KP said...
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All the South African immigrants recognise apartheid when they see it. This is why they were so resentful of the sanctions in the 70s and 80s, they knew full well that the countries imposing sanctions had racist legislation in place. It was only a short time that NZ had equality for all races.

Graham Cliff said...
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Of course Dr Bargh has failed to enlighten us: she's trying to defend the indefensible, mainly by using vague Maori terms in conjunction with meaningless generalisation.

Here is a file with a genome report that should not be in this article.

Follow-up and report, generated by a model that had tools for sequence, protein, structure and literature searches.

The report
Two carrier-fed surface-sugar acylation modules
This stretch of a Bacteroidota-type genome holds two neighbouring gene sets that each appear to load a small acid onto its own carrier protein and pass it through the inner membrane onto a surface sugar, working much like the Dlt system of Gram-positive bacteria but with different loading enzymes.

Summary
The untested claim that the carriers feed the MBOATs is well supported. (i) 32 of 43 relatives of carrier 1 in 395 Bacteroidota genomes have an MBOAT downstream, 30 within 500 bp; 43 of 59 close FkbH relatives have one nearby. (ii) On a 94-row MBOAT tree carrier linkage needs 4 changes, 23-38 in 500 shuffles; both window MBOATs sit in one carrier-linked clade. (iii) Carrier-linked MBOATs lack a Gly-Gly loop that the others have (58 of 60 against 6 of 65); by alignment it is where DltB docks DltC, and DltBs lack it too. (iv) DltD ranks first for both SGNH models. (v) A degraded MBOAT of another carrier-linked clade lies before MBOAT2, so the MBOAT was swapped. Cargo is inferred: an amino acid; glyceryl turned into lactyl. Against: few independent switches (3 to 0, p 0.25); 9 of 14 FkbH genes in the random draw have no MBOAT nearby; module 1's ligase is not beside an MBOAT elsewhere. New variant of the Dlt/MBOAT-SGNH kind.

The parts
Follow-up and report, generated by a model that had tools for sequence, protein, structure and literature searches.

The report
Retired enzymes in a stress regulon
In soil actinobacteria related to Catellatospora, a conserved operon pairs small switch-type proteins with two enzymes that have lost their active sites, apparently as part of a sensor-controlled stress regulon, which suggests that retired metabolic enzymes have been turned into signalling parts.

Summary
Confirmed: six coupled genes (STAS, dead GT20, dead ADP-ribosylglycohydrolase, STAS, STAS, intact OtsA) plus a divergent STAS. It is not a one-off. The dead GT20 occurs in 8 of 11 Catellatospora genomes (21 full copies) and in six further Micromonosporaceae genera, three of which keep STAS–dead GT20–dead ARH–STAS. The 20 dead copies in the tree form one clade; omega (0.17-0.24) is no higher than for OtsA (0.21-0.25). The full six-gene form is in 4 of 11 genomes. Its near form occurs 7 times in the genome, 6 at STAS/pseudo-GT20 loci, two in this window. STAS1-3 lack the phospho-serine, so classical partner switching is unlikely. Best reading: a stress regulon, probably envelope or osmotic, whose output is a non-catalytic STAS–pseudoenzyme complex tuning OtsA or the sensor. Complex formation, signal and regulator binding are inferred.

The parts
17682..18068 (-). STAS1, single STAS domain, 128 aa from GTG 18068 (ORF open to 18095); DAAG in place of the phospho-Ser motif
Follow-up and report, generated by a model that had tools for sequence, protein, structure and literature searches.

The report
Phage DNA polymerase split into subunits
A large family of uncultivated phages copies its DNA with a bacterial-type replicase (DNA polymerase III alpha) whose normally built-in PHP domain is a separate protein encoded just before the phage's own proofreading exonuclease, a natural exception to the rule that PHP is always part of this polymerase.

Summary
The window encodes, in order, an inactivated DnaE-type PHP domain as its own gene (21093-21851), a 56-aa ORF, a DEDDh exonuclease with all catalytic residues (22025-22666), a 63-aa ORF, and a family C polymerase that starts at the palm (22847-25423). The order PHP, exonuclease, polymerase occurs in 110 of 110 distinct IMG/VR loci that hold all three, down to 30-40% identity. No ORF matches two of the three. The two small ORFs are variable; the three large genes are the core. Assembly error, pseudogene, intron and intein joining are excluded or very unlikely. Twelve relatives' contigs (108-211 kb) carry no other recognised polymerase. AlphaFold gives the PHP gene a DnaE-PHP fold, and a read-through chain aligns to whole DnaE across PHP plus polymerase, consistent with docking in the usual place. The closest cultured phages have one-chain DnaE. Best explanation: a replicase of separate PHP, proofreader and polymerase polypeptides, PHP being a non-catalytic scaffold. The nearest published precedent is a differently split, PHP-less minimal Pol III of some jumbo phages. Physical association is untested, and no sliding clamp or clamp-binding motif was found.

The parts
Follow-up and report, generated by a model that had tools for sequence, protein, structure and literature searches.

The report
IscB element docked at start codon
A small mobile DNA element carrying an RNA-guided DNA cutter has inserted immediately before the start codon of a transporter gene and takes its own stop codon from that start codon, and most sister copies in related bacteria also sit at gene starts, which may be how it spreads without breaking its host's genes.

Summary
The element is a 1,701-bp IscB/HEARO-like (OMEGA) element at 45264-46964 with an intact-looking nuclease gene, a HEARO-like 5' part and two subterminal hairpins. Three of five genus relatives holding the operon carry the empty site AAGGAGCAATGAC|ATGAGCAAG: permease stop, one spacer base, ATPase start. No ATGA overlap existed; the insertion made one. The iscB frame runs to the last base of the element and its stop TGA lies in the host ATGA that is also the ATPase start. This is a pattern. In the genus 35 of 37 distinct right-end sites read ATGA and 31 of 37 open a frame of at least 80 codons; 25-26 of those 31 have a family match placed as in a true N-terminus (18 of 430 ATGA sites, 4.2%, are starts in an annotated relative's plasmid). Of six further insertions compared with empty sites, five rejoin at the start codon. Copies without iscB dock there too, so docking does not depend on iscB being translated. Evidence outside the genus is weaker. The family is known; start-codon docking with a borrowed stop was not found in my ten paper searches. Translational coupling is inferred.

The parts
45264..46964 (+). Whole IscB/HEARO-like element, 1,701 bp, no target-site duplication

There is no 'Treaty partnership': it's a logical absurdity and a legal nullity. If however, we accept, for the sake of argument, that there is some sort of partnership between Maori and The Crown, it's then an unjustifiable leap to suggest that it must be a partnership of equals.There are many examples in everyday life, whereby there are asymmetrical partnerships, the constitution of which depends on all manner of considerations, not the least being the numerical balance of the respective parties.
Thus, not only is the idea of special representation for Maori misconceived, but also based on flawed reasoning. Yet all too many people have allowed themselves to be taken in by this egregious confidence trick.
What price egalitarian democracy, anyone?